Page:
The trick is to get to the point where you don’t see alcohol as a good thing or a treat anymore.

Once you see it in the cold hard light of day, as a toxin which doesn’t do your body or mind any favours, you no longer have to rely on willpower. You just don’t want to drink it.

I recommend reading William Porters book mentioned above, The Truth About Alcohol

This awesome book explains exactly how alcohol affects your body and how toxic it is. It reframes your brain to think about alcohol differently.

I found that once I reframed my ideas about alcohol, that it wasn’t something that was helping me, I needed less willpower to cut down.

I looked closely at my nutrition.

My “witching hour” to crave a drink was about 6-7 pm after I had finished work. Once I analysed this I realised that I had been dashing around all day and not eating properly. By 6 pm my body was desperate for some energy. It realised it could easily get a carbohydrate hit from sugary wine or beer so cravings were rolled out [the body is a very clever system – never underestimate it.]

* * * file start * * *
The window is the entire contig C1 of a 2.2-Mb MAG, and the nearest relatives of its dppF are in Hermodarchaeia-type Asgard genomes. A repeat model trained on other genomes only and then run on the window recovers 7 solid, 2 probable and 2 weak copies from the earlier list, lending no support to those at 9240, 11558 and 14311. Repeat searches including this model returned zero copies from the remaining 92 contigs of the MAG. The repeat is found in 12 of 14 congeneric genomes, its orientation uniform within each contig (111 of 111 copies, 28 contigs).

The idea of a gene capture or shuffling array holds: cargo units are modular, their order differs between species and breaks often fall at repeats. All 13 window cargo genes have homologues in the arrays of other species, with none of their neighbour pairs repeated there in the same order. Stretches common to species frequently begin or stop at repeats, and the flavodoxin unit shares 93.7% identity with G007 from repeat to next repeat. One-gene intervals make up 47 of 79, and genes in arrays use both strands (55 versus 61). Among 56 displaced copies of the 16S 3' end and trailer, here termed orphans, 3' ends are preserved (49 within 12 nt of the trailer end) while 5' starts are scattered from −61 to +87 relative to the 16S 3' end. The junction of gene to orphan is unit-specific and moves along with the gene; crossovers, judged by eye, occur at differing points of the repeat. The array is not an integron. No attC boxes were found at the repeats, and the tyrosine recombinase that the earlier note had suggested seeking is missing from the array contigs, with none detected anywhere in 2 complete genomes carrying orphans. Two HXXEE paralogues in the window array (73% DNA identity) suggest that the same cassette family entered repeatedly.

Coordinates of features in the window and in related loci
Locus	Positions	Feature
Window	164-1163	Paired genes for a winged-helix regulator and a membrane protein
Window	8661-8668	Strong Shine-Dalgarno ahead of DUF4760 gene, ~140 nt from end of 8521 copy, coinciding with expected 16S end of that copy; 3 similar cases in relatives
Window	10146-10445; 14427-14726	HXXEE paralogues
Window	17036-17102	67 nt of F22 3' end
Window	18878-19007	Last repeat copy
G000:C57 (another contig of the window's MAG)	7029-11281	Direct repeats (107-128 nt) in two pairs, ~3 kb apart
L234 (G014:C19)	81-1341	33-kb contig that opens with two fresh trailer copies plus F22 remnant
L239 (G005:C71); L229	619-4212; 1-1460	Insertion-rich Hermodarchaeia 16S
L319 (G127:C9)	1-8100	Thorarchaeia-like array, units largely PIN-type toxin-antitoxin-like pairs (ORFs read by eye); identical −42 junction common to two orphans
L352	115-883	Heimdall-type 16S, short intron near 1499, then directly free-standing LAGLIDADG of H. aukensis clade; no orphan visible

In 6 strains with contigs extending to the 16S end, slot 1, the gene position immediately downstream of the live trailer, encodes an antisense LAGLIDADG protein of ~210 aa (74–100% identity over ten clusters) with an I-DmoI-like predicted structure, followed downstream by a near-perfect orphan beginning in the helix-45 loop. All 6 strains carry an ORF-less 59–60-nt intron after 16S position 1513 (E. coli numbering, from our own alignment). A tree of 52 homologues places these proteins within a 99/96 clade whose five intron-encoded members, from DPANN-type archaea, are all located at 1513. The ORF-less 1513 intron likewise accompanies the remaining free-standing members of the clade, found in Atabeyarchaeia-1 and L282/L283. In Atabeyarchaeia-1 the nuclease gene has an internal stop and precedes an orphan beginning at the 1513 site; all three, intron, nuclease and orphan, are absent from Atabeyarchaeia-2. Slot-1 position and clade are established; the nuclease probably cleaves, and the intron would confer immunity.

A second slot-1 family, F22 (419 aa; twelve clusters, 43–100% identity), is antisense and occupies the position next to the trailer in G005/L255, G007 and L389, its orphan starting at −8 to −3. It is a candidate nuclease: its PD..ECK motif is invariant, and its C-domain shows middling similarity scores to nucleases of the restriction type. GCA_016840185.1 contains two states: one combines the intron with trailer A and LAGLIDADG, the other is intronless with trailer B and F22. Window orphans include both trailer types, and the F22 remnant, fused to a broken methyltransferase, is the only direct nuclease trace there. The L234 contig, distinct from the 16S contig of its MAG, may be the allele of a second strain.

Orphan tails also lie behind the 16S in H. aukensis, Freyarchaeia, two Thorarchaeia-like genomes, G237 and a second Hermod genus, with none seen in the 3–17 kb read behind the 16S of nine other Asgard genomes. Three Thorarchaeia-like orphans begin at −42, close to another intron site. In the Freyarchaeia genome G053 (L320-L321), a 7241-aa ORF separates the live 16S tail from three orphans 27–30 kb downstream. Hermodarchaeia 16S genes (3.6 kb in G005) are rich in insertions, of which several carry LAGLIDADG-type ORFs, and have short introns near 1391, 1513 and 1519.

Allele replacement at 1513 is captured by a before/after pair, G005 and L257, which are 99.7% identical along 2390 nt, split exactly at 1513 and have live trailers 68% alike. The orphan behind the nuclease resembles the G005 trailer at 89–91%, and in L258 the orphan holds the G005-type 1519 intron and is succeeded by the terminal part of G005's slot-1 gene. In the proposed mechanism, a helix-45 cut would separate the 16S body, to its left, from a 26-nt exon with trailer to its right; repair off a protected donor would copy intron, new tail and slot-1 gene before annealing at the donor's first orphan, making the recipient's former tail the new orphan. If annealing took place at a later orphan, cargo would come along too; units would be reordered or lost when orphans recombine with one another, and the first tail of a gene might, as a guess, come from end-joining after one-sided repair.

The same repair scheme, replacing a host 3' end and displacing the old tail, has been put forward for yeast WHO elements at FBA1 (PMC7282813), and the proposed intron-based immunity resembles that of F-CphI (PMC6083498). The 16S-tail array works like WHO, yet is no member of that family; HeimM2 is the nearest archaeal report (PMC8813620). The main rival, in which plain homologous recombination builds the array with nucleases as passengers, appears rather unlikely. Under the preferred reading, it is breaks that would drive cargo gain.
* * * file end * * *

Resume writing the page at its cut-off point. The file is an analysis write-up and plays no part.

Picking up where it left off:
Once I realised this I ensured that I was eating properly during the day to make sure that my body had what it needed. This helped cravings subside.

I highly recommend that you look closely at your nutritional state. If you can get a blood test to check if you are low in any vitamins or minerals even better. Ensure that you are eating a well-balanced diet and are not going hungry or having blood sugar swings.

Nutrients that are easily depleted by drinking are Magnesium and Niacin or Vitamin B3. B Vitamins are best taken as a B Vitamin Complex which contains all the B Vitamins in balanced amounts.

B Vitamins

B vitamins are extremely vulnerable to alcohol use. Their depletion can result in anxiety, insomnia, tremors, dizziness, and depression. It’s a good idea to take a good B Vitamin Supplement to ensure levels are replenished.

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Magnesium

If Magnesium is depleted it can result in insomnia, confusion, apathy and weakness.

A lack of Magnesium is also associated with depression and anxiety so it really is worth ensuring that you have adequate levels as it can be so easily depleted by alcohol.